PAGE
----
More partisan fighting over Michigan's new redistricting commission
Michigan's Republican-led Legislature is moving to give the state's new independent redistricting commission only three-quarters of the budget proposed by the Democratic governor.
Gov. Gretchen Whitmer had asked for $4.6 million to cover the start-up costs of the commission. But the legislators writing the state's spending plan for next year decided Thursday to allocate only $3.4 million and to put the panel's budget under control of the Legislature instead of the secretary of state, currently Democrat Jocelyn Benson.
It's the latest partisan battle over the new commission. It was created through a 2018 ballot initiative orchestrated by the grassroots group Voters Not Politicians in the hope of bleeding partisanship out of political mapmaking in Michigan — a presidential battleground and home to some of the most successful efforts at GOP partisan gerrymandering for this decade.
"These types of political games are exactly what voters stood firmly against in the last election," said the executive director of Voters Not Politicians, Nancy Wang.
Residents will have the opportunity to weigh in on what questions should be included in the application to become a member of the commission, Benson announced Thursday. The panel will draw the congressional and legislative district lines after the next census — unless it's thwarted by litigation filed by Republicans, who are challenging the constitutionality of the limits on partisan operatives as members.
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Marginal improvements have been made to help voters understand the questions posed to them on the ballot this November, a new study concludes, but such ballot measures still favor the college-educated — who represent a minority of the U.S. population.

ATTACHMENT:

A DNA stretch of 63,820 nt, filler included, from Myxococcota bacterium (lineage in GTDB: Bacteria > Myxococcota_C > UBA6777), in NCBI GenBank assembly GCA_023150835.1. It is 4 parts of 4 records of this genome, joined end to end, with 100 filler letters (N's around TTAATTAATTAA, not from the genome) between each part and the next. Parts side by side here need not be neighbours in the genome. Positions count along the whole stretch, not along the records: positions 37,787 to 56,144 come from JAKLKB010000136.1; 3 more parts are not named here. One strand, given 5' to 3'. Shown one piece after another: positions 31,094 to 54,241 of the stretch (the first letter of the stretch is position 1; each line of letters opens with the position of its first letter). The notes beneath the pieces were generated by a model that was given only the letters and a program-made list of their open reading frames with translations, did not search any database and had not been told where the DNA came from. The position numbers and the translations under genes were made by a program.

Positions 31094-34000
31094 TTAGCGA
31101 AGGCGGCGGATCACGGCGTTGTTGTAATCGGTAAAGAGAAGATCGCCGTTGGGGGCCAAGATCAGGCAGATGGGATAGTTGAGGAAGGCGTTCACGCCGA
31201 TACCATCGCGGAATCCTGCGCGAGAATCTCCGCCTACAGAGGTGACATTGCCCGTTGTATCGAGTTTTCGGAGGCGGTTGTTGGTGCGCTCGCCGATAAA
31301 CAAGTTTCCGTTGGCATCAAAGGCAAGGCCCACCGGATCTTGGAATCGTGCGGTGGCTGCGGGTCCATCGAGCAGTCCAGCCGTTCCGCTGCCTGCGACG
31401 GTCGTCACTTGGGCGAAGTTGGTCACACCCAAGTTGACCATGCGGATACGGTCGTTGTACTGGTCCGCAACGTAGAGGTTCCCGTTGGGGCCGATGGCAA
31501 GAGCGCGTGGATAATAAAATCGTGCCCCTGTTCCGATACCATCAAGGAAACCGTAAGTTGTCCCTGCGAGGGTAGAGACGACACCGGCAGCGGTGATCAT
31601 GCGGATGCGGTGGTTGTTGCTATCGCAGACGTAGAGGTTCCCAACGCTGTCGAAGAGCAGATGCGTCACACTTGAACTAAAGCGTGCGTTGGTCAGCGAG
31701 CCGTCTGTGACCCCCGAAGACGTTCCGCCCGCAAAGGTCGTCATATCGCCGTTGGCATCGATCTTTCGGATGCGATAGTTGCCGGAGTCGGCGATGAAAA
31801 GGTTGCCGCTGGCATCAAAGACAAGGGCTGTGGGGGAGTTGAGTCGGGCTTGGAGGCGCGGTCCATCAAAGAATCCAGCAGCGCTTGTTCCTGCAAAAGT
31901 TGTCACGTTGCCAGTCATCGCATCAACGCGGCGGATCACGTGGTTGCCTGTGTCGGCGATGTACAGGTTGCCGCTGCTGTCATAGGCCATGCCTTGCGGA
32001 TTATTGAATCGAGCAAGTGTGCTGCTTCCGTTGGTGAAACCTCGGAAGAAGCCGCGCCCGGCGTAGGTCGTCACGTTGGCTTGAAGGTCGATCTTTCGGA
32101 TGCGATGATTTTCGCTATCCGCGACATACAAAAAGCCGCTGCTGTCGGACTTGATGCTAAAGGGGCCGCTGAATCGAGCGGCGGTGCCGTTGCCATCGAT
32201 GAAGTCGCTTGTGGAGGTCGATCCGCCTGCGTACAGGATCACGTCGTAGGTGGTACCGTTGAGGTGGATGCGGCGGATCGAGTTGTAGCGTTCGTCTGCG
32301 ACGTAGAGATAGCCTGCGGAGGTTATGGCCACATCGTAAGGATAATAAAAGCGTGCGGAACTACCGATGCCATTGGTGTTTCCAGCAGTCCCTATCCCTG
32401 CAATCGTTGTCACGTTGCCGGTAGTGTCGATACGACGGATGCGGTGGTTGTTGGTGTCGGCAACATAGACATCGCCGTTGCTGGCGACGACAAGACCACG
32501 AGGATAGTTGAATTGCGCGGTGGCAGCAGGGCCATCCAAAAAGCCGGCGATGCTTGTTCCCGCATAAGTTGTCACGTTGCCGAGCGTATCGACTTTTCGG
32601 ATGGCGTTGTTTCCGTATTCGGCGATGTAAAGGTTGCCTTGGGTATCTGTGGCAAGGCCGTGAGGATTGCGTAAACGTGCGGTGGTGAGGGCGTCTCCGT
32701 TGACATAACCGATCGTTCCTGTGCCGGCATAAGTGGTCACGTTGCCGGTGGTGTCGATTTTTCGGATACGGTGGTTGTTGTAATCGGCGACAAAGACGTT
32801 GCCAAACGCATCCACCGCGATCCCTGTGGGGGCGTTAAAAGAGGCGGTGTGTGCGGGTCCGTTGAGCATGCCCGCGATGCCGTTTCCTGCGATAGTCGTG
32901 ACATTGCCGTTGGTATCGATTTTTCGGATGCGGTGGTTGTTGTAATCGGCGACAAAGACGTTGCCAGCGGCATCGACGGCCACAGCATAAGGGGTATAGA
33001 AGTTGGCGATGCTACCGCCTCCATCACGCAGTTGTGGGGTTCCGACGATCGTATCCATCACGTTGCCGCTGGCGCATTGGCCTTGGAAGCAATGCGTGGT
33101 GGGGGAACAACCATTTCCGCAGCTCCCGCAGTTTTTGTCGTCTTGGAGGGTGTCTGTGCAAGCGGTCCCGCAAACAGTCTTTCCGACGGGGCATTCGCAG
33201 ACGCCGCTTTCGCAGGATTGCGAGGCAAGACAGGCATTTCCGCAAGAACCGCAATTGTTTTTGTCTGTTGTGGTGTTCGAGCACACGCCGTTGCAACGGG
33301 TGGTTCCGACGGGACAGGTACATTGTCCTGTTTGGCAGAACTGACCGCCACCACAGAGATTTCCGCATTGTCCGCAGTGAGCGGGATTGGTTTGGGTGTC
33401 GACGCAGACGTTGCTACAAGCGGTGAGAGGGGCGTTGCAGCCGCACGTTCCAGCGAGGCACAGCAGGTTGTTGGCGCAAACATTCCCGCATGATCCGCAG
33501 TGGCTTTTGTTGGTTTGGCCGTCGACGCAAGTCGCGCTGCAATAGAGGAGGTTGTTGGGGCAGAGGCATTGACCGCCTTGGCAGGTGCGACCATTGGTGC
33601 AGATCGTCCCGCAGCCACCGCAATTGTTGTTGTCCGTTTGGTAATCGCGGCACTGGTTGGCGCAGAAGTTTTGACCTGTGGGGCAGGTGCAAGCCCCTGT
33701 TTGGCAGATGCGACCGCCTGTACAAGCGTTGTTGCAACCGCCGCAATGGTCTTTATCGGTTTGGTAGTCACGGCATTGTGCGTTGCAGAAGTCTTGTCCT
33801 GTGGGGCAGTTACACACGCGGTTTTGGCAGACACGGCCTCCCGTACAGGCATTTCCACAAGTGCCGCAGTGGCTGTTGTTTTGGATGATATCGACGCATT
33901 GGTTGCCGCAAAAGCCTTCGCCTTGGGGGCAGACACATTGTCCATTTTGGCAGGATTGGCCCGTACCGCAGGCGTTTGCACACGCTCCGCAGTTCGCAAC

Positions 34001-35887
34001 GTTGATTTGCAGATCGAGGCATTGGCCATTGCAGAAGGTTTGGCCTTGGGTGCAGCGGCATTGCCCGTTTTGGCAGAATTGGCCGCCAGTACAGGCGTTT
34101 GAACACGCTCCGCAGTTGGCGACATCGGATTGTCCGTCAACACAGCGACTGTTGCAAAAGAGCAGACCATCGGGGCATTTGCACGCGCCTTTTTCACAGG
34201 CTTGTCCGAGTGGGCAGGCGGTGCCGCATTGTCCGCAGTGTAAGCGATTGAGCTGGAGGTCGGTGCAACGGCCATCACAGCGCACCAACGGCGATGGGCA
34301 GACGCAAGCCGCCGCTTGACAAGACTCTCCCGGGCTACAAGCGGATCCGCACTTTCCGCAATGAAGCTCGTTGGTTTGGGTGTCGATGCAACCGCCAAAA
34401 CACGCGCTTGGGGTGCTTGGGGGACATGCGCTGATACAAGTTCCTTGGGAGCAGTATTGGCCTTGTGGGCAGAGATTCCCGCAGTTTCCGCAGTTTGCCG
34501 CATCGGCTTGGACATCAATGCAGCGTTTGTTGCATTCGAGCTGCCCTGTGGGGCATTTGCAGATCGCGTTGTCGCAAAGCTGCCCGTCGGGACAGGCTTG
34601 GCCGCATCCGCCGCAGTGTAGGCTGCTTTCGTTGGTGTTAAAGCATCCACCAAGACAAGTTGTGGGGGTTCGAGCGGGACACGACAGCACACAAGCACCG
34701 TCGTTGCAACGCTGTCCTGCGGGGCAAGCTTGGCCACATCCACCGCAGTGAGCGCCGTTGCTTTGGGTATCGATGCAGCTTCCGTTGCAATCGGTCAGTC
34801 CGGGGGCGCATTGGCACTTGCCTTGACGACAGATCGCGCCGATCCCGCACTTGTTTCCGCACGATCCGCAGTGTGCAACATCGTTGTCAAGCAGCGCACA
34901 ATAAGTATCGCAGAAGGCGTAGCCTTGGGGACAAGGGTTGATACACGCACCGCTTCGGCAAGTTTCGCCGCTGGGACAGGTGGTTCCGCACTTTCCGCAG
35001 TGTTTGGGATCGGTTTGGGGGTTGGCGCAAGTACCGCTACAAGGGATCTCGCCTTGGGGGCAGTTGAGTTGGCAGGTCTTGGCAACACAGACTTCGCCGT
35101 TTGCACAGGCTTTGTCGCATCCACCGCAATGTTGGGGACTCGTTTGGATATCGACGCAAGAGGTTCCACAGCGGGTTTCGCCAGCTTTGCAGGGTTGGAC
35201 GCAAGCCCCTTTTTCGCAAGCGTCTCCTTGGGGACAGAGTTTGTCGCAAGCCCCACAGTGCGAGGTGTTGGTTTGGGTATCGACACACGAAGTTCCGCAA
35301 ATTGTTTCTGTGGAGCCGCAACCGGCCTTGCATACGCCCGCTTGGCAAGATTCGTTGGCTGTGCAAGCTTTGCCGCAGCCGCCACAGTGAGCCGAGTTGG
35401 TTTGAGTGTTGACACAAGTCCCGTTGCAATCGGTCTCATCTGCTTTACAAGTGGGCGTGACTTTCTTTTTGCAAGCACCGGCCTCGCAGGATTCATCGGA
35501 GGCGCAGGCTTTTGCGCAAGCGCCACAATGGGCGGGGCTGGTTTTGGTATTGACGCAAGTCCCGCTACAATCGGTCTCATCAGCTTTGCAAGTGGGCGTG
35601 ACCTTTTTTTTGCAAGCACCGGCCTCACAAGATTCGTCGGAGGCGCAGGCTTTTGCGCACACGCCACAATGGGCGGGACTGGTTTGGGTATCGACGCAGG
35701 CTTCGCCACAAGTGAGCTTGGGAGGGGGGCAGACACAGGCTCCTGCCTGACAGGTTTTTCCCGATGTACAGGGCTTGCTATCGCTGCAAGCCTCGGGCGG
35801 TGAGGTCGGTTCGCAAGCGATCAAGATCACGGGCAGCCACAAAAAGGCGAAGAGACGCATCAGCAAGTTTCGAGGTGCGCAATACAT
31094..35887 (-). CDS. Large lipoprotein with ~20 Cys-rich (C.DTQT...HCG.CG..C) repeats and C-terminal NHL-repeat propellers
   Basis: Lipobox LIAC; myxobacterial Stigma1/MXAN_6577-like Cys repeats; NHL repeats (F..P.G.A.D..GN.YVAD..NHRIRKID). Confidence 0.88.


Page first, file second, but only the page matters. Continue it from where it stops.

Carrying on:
This year voters in eight states will decide the fate of a collective 36 such propositions. In a study released Thursday, Ballotpedia assessed how easy it is to comprehend what each proposal would accomplish, concluding that the difficulty level had decreased compared with the referendums decided in the last off-year election of 2017 — but not by much.
In fact, according to a pair of well-established tests, 21 of the 36 ballot measures cannot be understood by the 40 percent of the voting-age population who never attended college.
Colorado has become the second state to ask the Supreme Court to decide if states may legally bind their presidential electors to vote for the candidate who carried their state.
The issue of so-called faithless electors is the latest aspect of an increasingly heated debate about the virtues and flaws of the Electoral College that has blossomed, especially among progressive democracy reform advocates, now that two of the past five presidential winners (Donald Trump in 2016 and George W. Bush in 2000) got to the Oval Office despite losing the national popular vote.